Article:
Medical registrars at the University of the Free State: Burnout, resilience and coping strategies

South African Family Practice

Field Value
Title Medical registrars at the University of the Free State: Burnout, resilience and coping strategies
Creator van der Merwe, Lynette J. Motlapema, Nakedi Matsepe, Tsiu Nchepe, Karabo Ramachela, Pearl Rangolo, Tshilidzi Kutu, Zizipho Joubert, Gina van Rooyen, Cornel
Subject — resilience; burnout; maladaptive coping strategies; adaptive coping strategies; postgraduate training; junior doctor; mental health.
Description Background: Burnout among doctors has been linked with decreased quality of patient care. The coronavirus disease 2019 (COVID-19) pandemic highlighted the need to protect doctors’ mental health and well-being. This study aimed to investigate burnout, resilience and coping strategies among registrars in the MMed programme of the University of the Free State (UFS) in 2020.Methods: In this quantitative, cross-sectional study, a link to an online anonymous self-administered questionnaire with socio-demographic questions, perceived stress, Copenhagen Burnout Inventory (CBI), Connor-Davidson Resilience Scale and Brief Cope was emailed to all 278 registrars.Results: Sixty registrars responded (response rate 21.6%). More than half (55.0%) were male and 73.3% were married. There were 28.3% second- and third-year students, respectively. Most (58.3%) had 5–10 years’ work experience. The CBI personal scale had the highest median value (58.3; interquartile range [IQR]: 43.3; 70.8) with 70% scoring ≥ 50. The median score for resilience was 78 of 100 (IQR: 69; 84). There were weak negative correlations between resilience and burnout scores (r = –0.31 to r = –0.37). Planning, positive reframing and acceptance were the most frequently used adaptive coping mechanisms; self-distraction was the most frequently used maladaptive coping mechanism. There was no association between gender and burnout and resilience scores.Conclusion: Registrars were resilient with low levels of patient- and work-related burnout, and higher personal burnout, using mostly positive coping strategies.Contribution: This study gives insight into the well-being of registrars at the UFS during COVID-19. Continuous monitoring and support for this population are essential to foster mental health and well-being.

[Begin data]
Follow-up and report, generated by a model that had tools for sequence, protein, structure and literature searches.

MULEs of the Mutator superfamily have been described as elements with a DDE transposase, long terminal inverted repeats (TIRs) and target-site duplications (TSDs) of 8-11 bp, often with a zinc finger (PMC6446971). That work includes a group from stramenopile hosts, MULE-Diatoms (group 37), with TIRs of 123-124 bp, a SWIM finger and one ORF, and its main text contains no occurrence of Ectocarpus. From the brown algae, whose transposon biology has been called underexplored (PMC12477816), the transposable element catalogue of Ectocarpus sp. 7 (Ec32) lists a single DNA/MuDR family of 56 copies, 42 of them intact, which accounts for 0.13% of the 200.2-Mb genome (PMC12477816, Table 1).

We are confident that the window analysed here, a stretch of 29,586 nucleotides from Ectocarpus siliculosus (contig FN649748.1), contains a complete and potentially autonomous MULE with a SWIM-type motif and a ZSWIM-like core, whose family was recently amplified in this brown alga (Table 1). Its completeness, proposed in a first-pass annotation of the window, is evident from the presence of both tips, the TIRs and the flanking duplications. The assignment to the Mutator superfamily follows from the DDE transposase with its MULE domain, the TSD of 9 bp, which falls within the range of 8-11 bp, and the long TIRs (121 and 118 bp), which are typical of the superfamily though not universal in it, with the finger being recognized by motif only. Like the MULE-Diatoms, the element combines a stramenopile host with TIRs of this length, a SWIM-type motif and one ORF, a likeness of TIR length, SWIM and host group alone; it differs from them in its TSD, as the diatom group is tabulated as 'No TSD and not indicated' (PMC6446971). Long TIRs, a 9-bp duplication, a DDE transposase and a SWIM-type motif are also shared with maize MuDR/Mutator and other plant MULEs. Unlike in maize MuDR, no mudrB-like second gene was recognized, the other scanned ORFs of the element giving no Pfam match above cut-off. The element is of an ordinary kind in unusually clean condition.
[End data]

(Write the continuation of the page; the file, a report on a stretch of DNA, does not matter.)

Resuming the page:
Publisher AOSIS
Date 2023-12-15
Type info:eu-repo/semantics/article info:eu-repo/semantics/publishedVersion — —
Format text/html application/epub+zip text/xml application/pdf
Identifier 10.4102/safp.v65i1.5788
Source South African Family Practice; Vol 65, No 1 (2023): Part 4; 7 pages 2078-6204 2078-6190
Language eng
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Rights Copyright (c) 2023 Lynette J. van der Merwe, Nakedi Motlapema, Tsiu Matsepe, Karabo Nchepe, Pearl Ramachela, Tshilidzi Rangolo, Zizipho Kutu, Gina Joubert, Cornel van Rooyen